Spanish Property Prices Continue to Rise

Spanish Property Prices Continue to Rise

Spanish Property Prices Continue to Rise

Spain’s property market is continuing the recovery started mid-2014, as the uptick in prices consolidates and foreign buyers return to the scene.

Resales seem to be the flavour of the month, according to data from the Property Registrar’s Association for the first quarter of 2015.

Prices rose 2.65 percent in January-March from a year earlier, with residential home sales increasing 9.05 percent to 90,534 transactions.

The resale market, where quarter-on-quarter prices were up 1.88 percent, accounted for over two-thirds of these operations.

While property prices are still around 30 percent lower than their 2007 peak, the figures for the first quarter are the highest for the last eight years, the PRA report said.



So what’s behind  this revival in Spanish real estate, much of which was considered a toxic investment as little as four years ago as the country struggled to weather a deep economic downturn?

There are two key factors:
• The weak euro is luring British buyers back to Spain. Pensioners in particular are benefitting from the strong pound.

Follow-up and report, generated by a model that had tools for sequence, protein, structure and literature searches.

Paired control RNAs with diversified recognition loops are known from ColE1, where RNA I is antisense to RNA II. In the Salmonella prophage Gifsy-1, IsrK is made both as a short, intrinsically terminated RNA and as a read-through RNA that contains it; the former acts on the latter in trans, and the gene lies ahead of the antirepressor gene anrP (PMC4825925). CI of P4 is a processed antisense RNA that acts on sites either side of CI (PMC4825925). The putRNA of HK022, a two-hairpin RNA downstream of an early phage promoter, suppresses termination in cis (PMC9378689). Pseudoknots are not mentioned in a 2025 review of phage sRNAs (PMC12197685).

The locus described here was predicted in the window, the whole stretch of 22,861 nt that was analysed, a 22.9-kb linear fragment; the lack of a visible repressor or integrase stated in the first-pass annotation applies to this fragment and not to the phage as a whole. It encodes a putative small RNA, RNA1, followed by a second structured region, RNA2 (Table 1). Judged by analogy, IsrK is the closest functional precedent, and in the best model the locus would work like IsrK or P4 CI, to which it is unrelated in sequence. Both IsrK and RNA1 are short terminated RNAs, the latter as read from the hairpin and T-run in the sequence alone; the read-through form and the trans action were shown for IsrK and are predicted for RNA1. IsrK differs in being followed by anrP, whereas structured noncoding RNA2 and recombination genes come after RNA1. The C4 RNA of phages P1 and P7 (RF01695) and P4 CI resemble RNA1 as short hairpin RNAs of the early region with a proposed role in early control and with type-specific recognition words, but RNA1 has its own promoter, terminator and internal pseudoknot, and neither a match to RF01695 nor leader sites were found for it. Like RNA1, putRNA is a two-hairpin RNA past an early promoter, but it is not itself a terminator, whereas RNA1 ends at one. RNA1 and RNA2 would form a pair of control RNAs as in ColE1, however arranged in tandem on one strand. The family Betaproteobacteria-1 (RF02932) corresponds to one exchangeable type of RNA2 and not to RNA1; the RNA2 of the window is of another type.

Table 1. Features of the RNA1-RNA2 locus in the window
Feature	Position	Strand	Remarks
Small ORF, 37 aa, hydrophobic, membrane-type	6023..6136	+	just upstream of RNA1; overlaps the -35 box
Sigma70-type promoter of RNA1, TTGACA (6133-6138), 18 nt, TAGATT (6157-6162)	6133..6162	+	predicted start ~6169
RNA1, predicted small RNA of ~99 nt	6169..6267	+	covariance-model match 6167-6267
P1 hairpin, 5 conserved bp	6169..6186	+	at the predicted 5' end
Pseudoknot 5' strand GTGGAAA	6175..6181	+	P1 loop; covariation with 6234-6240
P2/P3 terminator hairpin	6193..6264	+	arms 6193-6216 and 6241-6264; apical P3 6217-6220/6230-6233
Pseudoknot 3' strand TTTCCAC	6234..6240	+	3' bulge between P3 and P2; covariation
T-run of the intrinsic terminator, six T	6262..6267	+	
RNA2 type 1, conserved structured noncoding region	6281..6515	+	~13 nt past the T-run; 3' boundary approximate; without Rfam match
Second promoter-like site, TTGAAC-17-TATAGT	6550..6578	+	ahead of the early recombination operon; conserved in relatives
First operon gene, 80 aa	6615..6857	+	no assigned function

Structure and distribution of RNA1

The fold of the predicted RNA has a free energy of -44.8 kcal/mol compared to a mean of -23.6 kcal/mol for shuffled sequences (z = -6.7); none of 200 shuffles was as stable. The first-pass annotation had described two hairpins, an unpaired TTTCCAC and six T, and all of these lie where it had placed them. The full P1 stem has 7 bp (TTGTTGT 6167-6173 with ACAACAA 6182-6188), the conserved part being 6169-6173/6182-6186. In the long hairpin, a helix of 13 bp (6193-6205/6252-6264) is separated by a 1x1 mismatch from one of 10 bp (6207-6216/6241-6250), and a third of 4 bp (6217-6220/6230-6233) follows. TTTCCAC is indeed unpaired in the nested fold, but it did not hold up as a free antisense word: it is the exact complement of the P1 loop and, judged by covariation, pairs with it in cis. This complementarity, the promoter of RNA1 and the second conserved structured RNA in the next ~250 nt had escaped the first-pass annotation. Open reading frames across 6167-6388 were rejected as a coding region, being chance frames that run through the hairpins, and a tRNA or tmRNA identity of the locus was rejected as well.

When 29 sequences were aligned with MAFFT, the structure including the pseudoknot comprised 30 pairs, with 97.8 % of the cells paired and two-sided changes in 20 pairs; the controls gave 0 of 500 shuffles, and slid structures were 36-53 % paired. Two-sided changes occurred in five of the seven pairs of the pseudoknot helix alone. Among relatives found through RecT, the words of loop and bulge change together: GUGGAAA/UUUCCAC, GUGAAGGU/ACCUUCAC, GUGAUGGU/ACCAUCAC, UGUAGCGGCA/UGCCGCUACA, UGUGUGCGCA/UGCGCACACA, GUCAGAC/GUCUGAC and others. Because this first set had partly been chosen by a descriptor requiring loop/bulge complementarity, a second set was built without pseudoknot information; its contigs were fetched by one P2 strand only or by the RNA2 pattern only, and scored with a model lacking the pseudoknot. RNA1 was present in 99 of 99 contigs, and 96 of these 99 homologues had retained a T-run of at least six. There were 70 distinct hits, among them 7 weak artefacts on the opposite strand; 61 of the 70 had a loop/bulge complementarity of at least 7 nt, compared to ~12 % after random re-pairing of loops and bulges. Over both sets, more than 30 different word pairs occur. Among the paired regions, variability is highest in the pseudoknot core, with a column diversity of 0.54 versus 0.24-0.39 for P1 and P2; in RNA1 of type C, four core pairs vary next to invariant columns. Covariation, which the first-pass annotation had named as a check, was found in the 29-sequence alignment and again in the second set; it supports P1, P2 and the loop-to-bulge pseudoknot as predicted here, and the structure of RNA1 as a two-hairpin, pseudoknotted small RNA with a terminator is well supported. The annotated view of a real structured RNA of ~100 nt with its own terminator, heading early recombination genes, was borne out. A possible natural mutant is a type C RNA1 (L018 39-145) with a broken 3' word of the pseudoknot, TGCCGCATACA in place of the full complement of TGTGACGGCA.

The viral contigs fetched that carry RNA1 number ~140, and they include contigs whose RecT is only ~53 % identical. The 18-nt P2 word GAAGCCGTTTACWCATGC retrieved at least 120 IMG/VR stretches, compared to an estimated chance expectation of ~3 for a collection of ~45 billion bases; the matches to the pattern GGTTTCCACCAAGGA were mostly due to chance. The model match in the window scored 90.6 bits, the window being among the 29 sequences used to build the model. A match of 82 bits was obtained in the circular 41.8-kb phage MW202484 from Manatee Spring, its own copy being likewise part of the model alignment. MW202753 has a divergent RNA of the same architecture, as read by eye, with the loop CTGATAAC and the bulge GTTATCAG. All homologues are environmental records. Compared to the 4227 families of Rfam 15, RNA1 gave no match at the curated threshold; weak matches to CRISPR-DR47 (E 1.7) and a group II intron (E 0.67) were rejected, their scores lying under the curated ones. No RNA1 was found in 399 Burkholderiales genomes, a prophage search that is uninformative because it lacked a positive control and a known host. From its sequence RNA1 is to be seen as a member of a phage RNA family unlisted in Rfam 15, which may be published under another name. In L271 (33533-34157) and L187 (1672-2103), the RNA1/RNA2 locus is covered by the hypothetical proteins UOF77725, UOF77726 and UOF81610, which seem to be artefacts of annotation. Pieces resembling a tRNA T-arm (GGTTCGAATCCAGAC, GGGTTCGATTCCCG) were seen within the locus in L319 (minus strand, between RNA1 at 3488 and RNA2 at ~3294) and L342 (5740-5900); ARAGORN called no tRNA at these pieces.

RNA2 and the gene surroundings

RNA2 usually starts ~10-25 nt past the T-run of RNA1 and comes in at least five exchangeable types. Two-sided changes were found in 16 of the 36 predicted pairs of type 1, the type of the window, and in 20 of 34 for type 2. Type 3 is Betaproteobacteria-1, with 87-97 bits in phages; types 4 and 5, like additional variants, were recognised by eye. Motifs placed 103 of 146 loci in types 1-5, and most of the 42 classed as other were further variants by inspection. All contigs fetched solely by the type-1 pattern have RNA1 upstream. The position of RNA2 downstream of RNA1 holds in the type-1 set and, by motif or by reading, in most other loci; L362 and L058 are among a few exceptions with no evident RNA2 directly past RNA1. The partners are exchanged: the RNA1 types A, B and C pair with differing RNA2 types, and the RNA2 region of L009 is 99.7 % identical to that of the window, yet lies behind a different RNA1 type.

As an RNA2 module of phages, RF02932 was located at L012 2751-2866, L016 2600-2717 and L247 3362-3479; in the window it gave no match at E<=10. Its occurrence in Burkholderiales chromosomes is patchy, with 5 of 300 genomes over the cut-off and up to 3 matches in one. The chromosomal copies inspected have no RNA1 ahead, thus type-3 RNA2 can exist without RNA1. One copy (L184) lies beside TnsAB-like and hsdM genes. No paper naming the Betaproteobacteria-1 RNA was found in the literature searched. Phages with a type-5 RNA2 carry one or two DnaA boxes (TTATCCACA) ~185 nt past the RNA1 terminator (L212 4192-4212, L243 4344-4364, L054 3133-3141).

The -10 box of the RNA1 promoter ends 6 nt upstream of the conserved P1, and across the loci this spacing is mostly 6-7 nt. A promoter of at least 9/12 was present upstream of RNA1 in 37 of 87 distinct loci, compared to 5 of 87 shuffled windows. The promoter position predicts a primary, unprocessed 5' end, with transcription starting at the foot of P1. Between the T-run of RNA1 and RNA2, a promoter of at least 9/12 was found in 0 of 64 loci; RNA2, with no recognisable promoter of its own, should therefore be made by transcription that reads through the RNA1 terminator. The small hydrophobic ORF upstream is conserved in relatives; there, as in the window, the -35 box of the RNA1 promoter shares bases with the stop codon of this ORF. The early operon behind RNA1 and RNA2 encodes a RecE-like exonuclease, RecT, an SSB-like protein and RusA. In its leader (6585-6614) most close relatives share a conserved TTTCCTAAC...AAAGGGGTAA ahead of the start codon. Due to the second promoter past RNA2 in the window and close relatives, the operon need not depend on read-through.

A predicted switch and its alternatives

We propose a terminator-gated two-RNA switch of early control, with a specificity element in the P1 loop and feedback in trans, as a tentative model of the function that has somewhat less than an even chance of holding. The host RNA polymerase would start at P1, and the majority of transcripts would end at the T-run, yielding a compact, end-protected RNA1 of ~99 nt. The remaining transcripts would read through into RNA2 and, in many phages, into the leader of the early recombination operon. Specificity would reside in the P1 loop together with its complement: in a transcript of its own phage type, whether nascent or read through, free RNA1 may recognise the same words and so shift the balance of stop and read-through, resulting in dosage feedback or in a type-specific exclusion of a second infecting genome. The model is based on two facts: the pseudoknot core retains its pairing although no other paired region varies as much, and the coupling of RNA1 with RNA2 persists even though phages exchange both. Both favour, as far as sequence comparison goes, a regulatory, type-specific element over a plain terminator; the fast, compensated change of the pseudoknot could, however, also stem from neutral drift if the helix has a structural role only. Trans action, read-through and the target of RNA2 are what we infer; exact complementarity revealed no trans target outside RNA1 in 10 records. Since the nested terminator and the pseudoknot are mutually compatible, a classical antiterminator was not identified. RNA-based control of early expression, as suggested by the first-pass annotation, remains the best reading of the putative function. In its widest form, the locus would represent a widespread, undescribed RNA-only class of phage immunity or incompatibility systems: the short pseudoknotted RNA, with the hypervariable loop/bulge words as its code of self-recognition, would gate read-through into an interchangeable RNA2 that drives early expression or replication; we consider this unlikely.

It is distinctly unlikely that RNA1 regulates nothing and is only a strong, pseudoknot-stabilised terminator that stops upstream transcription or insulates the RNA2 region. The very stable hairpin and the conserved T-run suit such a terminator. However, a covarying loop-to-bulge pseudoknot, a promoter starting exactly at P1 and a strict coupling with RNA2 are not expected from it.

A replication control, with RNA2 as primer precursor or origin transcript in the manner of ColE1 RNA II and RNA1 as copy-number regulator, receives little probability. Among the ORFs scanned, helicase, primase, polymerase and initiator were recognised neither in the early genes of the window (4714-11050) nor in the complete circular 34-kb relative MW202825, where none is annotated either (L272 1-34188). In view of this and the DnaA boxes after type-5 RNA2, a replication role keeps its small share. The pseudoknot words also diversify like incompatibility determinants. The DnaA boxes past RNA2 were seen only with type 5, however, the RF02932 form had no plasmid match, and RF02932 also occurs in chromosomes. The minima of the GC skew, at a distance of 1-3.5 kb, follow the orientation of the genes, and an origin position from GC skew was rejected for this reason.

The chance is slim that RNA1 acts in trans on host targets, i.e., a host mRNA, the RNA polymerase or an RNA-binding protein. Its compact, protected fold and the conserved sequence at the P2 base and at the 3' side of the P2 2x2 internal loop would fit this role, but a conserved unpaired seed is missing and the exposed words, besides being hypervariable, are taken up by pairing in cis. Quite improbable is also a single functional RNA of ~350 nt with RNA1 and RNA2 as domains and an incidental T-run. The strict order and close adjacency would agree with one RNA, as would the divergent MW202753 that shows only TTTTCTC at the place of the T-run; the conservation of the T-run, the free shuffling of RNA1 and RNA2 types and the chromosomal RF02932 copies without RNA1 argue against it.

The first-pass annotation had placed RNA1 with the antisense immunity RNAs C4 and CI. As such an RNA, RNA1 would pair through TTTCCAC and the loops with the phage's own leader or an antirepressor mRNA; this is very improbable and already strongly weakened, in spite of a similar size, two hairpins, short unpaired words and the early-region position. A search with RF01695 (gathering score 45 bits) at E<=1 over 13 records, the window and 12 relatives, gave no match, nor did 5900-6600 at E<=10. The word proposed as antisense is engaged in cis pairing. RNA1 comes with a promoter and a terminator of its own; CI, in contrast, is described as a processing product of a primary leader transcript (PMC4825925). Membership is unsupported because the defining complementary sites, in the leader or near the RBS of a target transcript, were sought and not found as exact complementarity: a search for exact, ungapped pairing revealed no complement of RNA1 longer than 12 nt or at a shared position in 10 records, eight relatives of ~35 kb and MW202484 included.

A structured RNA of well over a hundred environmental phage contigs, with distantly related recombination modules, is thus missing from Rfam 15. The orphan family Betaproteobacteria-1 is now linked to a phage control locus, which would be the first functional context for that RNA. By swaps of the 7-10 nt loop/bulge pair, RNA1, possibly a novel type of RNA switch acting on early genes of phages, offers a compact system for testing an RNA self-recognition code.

• The rise in the number of mortgages being granted is also rekindling demand for housing across the country.

House prices have risen in the country’s coastal areas since the beginning of this year, underpinned by the revival in the tourism industry.

The Spanish costa has long been a favourite destination for British tourists and there is still a large stock of property available on the coast, much of which is being off-loaded by Spanish banks at attractive prices.

The Balearic Islands, with the highest foreign resident population in Spain at around 20 percent, is experiencing the fastest and highest price rises in the country. Northern European buyers in particular are snapping up good deals in Mallorca and Ibiza.



Urban house prices are also on the rise in Spain, as banks are now more willing to lend money after several years of an enforced credit crunch.

The fact that property prices are currently still low, so the amount of money required for a mortgage is less, has encouraged lenders. Furthermore, low interest rates mean the risk of debt in respect to potential buyers’ earnings has also improved.

International buyers have also been active in big cities, driving a recovery in the high-end residential market in Madrid and Barcelona.

So what’s the outlook for property prices? The Bank of Spain said end-April that “the process of price adjustment, in principle, has already bottomed out.”

Most market experts expect the rise in housing prices to continue, although it will be uneven across the country, depending on the level of supply to meet renewed demand for Spanish bricks and mortar!

For information on investment in Spain, contact corporate law firm Argali Abogados.

Leave a Reply